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Why Should Afraid of the Foreign?

Last week, precisely on Tuesday, 12 November 2013, Bank Indonesia (BI) once again raise the BI rate to be 7.50%, and that decision causes negative response from the market. On that Tuesday, which was followed by the next day, the Jakarta Composite Index (JCI) dropped up to the level of 4,200, where the greatest pressure faced by banking and property’s sectors, which was expected to be affected directly by the increase of the rate. When this article was written, JCI started to rise into position of 4,366, yet still has not reach its previous position before the fall.

However, the most interesting point to observe is the outflow of foreign funds in incredible amount, ie Rp4 trillion or equal to US$ 400 million only in this November alone. Actually, due to the outflow, I think JCI should be down below its current position. However, it still capable to hold on into levels of 4,300’s. And if you reflect on the fact that during 2013, the foreign funds has sell off amounted to Rp15.4 trillion, which it was the first time since 2005 the foreign recorded negative net buy, even up to that size, then JCI should be in a position far below its current; if it’s true that the foreign investor ‘dominate’ our stock market.

This fact, then, makes me wonder; is it true that the foreign dominate Indonesian stock market? Is it true that the ups and downs of JCI are determined by the foreign’ decision to buy or sell the stock, while the local investors have no power at all?

Or perhaps it’s all just a myth?

That is why I re-open the statistic data of trading in IDX in the past, especially in the foreign net buy part within one year, and the increase and decrease of JCI data within that year. Here’s the recap:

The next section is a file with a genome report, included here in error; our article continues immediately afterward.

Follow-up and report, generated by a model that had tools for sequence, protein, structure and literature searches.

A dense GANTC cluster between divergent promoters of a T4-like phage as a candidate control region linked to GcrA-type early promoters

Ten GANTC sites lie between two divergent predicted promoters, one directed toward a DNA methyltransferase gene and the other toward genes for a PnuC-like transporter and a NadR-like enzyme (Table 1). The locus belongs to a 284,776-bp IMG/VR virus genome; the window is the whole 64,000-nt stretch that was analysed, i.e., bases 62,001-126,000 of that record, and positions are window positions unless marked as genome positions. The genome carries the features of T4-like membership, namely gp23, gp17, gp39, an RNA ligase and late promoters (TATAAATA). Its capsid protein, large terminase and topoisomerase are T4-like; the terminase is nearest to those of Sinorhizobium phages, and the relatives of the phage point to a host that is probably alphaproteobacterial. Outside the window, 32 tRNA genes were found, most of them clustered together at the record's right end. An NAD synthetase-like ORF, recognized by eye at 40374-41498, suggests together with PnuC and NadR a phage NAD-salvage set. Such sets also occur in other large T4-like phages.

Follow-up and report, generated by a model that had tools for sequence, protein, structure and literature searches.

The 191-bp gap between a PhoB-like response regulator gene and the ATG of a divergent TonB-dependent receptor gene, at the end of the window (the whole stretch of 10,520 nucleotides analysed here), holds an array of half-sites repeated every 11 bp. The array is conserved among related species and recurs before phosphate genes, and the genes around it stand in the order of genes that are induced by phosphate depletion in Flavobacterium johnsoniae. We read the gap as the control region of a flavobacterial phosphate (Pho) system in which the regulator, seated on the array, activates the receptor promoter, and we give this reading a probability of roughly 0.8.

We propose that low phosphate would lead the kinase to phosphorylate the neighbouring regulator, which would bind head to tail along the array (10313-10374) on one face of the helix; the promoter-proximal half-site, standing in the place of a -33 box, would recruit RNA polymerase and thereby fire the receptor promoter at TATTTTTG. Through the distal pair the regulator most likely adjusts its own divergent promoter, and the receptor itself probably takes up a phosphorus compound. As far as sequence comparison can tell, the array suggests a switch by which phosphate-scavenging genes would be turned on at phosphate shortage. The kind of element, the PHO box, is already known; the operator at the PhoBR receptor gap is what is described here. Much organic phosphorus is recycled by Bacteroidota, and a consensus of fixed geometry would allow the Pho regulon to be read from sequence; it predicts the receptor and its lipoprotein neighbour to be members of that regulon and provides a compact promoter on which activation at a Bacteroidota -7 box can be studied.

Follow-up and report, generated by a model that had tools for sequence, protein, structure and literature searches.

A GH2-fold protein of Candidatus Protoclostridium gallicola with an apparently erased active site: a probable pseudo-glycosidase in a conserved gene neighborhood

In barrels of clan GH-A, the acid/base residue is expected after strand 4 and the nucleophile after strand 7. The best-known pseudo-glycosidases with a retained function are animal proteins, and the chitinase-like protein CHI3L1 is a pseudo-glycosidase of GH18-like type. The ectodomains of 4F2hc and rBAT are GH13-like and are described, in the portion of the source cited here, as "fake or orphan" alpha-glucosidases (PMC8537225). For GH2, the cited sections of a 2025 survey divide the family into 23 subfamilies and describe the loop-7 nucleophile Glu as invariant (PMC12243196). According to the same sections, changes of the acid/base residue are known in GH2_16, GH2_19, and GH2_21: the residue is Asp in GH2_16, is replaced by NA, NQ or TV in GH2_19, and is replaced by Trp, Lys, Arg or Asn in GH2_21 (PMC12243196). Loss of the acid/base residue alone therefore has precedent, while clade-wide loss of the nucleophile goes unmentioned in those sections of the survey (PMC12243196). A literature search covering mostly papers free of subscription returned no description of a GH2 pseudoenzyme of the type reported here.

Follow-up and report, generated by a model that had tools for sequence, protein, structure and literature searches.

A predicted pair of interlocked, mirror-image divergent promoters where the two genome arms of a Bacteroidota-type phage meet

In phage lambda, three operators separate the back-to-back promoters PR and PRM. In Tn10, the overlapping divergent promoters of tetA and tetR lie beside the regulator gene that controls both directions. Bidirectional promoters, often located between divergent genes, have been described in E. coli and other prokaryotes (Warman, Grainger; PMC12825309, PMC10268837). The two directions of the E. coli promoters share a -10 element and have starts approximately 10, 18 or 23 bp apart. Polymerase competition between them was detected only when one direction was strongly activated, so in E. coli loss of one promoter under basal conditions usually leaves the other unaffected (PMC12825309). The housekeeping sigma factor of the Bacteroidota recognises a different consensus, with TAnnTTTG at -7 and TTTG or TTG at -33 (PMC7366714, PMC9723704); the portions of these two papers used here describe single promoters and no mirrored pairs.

Year
Net Foreign Buy
Composite Growth (%)
1997
0.4
(44.3)
1998
5.1
(0.9)
1999
12.1
70.1
2000
0.8
(38.5)
2001
4.5
(5.8)
2002
7.9
8.4
2003
9.9
62.8
2004
18.8
44.6
2005
(15.4)
16.2
2006
17.3
55.3
2007
32.6
52.1
2008
18.7
(50.6)
2009
13.3
87.0
2010
21.0
46.1
2011
24.3
3.2
2012
15.9
12.9
2013*)
(15.4)
1.8

Note:
  1. The net foreign buy is in trillion of Rupiah. If the number is red, then it is negative aka net sell. While for the increase/decrease of JCI (composite growth) is in percent.
  2. The data started from year 1997 because the data for the years before that is not available (maybe it is available if we do search, but I think the above data is enough).
  3. The data for 2013 is up to the close of the market on 18 November.

Ok, let’s start from the year of 1997. As you have known, at that time, JCI was faced by its greatest correction in the history due to the monetary crisis (JCI exists since 1982), and it closed by the fall of 44.3% compared to its previous position in the early year. In this situation, the investors at that time thought that the foreign was out of the market in droves. But the fact in 1997, the foreign still recorded net buy amounted to Rp400 billion (Rp0.4 trillion). Don't get it wrong, although for today Rp400 billion looks like a small amount today, but at that time, it was an enormous amount of fund.